The Roman emperors, following an ancient practice of Roman magistrates, consulted their
friends and followers (amici, familiares, comites
) before giving judicial
decisions in cases of importance. The consilium principis
, or judicial
council thus instituted, became a standing body in the time of Hadrian (Spart.
8, Spart. Hadr., 18).
The council was composed of persons of the greatest eminence; both senators of the highest
rank and members of the order of equites
sat in it.
The term auditorium principis
is used as equivalent to consilium.
It was not a general council for State affairs, and is not to be confused
with the political council we find certain emperors convening. Its functions were generally
confined to legal business. The emperor not only took its advice respecting his judgments, but
also in all matters connected with legal administration. It was strictly consultative in
character, the emperor not being bound in any way by its opinion. Changes were made in its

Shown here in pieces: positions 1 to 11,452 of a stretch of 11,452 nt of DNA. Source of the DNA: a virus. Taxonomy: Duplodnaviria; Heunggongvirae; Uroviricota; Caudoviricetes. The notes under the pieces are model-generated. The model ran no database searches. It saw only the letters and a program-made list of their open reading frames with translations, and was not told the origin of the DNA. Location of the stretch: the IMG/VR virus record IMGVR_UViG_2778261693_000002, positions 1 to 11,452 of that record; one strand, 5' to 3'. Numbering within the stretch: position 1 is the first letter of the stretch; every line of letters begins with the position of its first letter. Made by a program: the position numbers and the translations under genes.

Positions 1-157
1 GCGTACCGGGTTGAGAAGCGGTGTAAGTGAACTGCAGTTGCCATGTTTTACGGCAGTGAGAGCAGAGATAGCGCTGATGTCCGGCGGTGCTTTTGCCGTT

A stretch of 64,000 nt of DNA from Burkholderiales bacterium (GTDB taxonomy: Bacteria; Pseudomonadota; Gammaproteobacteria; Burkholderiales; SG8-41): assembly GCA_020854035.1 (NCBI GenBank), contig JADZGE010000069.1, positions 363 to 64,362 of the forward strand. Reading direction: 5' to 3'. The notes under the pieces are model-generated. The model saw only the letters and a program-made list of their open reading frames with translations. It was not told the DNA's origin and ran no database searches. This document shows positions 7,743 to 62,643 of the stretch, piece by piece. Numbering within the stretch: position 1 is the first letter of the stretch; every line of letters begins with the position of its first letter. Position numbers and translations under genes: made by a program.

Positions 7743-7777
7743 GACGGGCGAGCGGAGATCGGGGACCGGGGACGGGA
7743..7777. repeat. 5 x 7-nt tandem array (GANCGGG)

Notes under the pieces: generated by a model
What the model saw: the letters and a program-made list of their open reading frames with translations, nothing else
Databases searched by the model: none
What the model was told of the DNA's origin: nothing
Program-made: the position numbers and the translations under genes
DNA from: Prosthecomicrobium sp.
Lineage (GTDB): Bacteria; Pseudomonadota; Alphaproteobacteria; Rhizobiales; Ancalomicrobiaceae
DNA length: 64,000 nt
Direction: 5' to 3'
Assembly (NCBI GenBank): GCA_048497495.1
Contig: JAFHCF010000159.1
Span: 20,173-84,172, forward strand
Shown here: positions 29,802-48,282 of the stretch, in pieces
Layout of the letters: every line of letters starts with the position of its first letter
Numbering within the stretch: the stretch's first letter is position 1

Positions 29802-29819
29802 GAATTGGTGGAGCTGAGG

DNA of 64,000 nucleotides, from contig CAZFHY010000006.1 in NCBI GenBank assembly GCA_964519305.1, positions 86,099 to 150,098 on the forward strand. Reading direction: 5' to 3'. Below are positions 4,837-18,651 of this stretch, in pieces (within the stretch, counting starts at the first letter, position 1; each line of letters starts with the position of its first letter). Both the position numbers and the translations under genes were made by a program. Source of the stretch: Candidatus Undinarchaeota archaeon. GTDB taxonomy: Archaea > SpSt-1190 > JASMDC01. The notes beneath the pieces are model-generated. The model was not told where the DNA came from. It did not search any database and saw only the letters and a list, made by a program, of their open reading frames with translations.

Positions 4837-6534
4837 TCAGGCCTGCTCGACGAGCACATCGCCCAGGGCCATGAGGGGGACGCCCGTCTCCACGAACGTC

constitution by Diocletian and his successors. The ordinary members of the reconstituted body,
which is known as the consistorium principis
, were called comites consistoriani;
they were divided into the two classes of
consisted of four
great officers of the palace: viz., the quaestor sacri palatii
, the magister officiorum
, the comes sacrarum largitionum
and the comes rei privatae.
The class of spectabiles
was a larger one; its members are generally named simply comites consistoriani.
Besides these two classes of ordinary and active members of
the consistorium, there was a class of extraordinary members, called vacantes.
There was also a class of purely honorary members. The functions of the
consistorium seem to have been wider than those of the earlier consilium
, since it acted as a council for advising the emperor in general matters of